by Stanley Azuakola
It’s been an eventful week for President Goodluck Jonathan. But then, is there any week that isn’t so for the president of Africa’s most populous nation?
24 hours after his interview with CNN’s Christiane Amanpour, President Goodluck Jonathan once again sat down with a foreign journalist on Thursday and addressed various issues ranging from Nigeria’s intervention in Mali and the state of insecurity in the country, to education and diversification of the economy.
This time, the host was veteran journalist Stephen Cole, who prior to joining Al Jazeera in 2005, had enjoyed stints at Sky News, BBC and CNN.
The interview was short, but Nigerians were able to see a more assured Jonathan in the few minutes it lasted. Of course, we don’t expect oratory or dexterity from President Jonathan at any time whatsoever, but compared to Wednesday’s interview, this was a much finer performance.
Meanwhile, the president returned to Nigeria yesterday, earlier than expected. A tweet from his spokesman, Reuben Abati, did not give much details except that he needed “to attend to some urgent state matters.”
President Jonathan has cut short his trip to Switzerland to return to Abuja to attend to some urgent state matters. He is back in Abuja.
The Al Jazeera interview is reprinted below:
Nigeria has sent a battalion of Army to Mali, how does the war in Northern Mali impact on Nigeria?
Terror anywhere on earth is a terror to everybody. Because of the excesses of this terrorists group in Northern Mali is a threat to West Africa, a threat to Central Africa and North Africa. They cannot limit themselves to Northern Mali.
Terrorists are criminals they don’t respect territorial boundaries. They don’t need a visa to enter any country. They do that at their will. So if we all don’t collectively solve the problems in Mali, none of the countries in West Africa, in Central Africa and of course North Africa is safe.
Do you worry about the conflict in Mali becoming internationalised?
Yes of course, some of the local terrorists in Nigeria called Boko Haram are trained in Northern Mali. There is a solid link between what is happening in Northern Mali and what is happening in Northern Nigeria. People have written a lot about how to manage terror. Nigeria is not the first country that is experiencing terror. Managing terror takes different dimensions and we are taking all the dimensions and options that are known to man.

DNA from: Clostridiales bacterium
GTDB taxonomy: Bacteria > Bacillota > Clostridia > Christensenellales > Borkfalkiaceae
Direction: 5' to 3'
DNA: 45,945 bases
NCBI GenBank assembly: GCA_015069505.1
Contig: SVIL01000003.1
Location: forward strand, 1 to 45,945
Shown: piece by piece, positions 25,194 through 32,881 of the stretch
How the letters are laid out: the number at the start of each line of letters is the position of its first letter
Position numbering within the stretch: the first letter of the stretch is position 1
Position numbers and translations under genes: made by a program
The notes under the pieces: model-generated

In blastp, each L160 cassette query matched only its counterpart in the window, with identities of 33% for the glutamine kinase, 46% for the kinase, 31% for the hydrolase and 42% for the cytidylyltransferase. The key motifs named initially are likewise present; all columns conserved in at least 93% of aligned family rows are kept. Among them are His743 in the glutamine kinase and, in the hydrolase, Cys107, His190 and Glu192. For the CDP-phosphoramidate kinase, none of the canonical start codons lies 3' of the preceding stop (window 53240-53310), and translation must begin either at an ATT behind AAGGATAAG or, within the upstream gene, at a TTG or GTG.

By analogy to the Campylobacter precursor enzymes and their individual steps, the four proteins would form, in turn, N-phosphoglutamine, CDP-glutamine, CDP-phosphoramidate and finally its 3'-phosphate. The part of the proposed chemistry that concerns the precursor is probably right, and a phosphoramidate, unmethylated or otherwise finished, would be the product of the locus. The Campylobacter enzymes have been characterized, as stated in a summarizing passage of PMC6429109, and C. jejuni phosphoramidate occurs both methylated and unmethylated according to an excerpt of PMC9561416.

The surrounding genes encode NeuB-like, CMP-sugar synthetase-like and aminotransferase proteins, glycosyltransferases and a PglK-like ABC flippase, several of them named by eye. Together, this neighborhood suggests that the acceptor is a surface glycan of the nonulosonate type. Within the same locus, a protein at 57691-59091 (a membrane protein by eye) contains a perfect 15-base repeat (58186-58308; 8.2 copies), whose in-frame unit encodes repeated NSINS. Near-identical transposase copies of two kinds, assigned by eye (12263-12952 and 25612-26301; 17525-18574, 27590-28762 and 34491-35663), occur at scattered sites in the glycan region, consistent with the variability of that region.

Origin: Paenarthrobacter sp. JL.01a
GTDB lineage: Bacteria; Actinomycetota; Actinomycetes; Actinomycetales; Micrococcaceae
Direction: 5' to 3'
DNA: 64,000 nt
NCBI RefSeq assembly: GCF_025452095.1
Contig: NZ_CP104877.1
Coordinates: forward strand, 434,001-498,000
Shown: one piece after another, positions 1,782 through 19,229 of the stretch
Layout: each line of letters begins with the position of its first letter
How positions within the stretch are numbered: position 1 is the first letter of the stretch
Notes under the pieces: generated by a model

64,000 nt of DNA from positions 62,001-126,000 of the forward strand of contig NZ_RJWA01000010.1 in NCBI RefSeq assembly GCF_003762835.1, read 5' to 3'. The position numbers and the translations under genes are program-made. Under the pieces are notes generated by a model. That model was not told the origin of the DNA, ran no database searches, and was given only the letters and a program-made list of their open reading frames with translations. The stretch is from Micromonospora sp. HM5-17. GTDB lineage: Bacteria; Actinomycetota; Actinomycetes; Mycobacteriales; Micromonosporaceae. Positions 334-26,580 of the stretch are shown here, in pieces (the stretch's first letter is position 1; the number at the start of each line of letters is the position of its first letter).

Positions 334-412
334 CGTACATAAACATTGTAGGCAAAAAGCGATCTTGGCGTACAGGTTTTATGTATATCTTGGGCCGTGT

So what do you do about Boko Haram. Do you fight Boko Haram or negotiate with them?
It is not just to fight or negotiate with them. Those are just two options. I have told you that if you read about terrorism all over the world there are various options and we are using all the options.
What are the options?
The use of the security. We are using intelligence surveillance. In terms of reaching out to them, the government has not really reached out to them because they are operating as faceless organization and I have been repeating it all over the place that the government cannot operate with a faceless organization. You must have an identity for us to negotiate with you.
But there are individuals, some religious organizations, civil society groups and journalists like you. Journalists operate like security underground. They have some means and when they come to us to tell us… we say we want to know them, we want to see them and want to know if they have some problems we want to solve that problems. So through that means people are reaching out to them, but not the government directly.
We are also looking at the issues because when you have a terrorist group there may be some few people, tiny minority people, sometimes only one or two person come up with this ideas, but if you have a number of boys who probably are not well educated or not occupied they could be easily be brainwashed and recruit them into the group.
Is education one of your priorities?
Yes that is why we came up with the basic educational program we call Almajeri educational programme to cater for those young boys whose parents may not be able to cater for and are only given religious education. So we say no in addition they should in addition to learning about your religion you must develop skills.
Are you trying to diversify your economy from oil?
Yes oil brought money to Nigeria, oil also brought problem to Nigeria. There are two areas we think oil brought problem to Nigeria. The first is that with the advent of oil Nigeria abandoned agriculture which has been our primary source of income.